There is a new trend in the market of nicotine and tobacco usage: vaping. According to North staff, usage that has dramatically increased since last year.
With such an increase, staff and teachers are taking steps to prevent the substance use.
“It began, I would say, at the start of second semester last year. If there’s any kind of vaping issue, the consequences are the same as tobacco, marijuana, or alcohol,” said athletic director Tina Woolard.
Getting students in trouble for using these substances is not the primary concern of the staff.
“I treat the kids here at North like my own kids at home. There are kids who never have and never thought about smoking a cigarette, who are now addicted to nicotine because of juuls and vapes,” said dean Linda Vecchie.
“Those e-cigarettes are backed by Big Tobacco, and do you really want to trust the endorsement from a company that hid information about how bad cigarettes were for your health for decades?” Vecchie said.
While there has been a increase in substance abuse in Grayslake North, according to Woolard, who attends a national athletic director conference annually, this problem has been noted nationwide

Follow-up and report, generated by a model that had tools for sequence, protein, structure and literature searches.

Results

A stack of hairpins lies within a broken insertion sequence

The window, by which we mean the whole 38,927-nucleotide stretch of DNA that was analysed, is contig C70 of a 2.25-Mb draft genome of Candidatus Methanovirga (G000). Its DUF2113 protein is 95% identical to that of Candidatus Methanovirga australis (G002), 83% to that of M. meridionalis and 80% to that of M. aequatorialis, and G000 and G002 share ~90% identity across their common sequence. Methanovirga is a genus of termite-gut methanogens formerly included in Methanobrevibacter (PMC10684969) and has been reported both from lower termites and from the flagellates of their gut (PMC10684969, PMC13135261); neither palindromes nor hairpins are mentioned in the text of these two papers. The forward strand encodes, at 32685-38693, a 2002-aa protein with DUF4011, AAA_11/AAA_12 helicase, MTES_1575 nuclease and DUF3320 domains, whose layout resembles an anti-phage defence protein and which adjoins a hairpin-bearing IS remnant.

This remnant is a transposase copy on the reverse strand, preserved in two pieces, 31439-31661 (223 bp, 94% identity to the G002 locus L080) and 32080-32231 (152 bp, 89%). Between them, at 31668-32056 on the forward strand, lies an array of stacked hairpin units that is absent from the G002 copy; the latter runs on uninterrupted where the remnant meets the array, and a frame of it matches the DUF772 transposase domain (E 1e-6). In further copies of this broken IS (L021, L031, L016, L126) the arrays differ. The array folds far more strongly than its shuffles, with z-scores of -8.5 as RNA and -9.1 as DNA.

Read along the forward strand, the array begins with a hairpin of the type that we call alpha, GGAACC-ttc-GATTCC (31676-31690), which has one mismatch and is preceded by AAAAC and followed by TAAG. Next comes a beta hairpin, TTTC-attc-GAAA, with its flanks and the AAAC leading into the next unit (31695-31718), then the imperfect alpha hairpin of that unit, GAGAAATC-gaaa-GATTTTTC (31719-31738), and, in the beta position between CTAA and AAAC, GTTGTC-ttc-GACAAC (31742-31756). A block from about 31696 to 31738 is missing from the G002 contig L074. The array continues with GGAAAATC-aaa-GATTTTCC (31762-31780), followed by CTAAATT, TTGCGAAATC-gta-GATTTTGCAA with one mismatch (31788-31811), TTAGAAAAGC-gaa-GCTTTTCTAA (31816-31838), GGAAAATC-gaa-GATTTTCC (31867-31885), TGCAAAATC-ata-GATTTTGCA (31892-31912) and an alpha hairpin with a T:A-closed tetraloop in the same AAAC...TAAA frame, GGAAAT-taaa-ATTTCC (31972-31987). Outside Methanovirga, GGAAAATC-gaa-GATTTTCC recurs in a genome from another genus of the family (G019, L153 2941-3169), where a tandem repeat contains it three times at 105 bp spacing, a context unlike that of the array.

Jenny Andersen, the Student Assistance Program (SAP) Coordinator, has ideas about why there is such a dramatic growth in substance abuse.
“I think it’s because of the availability of the vapes, but I also think it’s because these marketing companies know that the fruity flavors make these devices seem harmless,” Andersen said.
Consequences of using tobacco are not limited to school. According to sciencenewsforstudents.org, inhaling the smoke that’s in vapes affects users’ immune systems.
“If I smoked a pack of Marlboros and quit, my lungs would eventually heal themselves. But there’s no evidence of repair from this chemical,” Vecchie said.
Very few studies have been conducted, and the ones that have been conducted, haven’t been around long enough to know and be able to provide warnings for long term effects.
“The unknown is really what’s concerning,” Andersen said.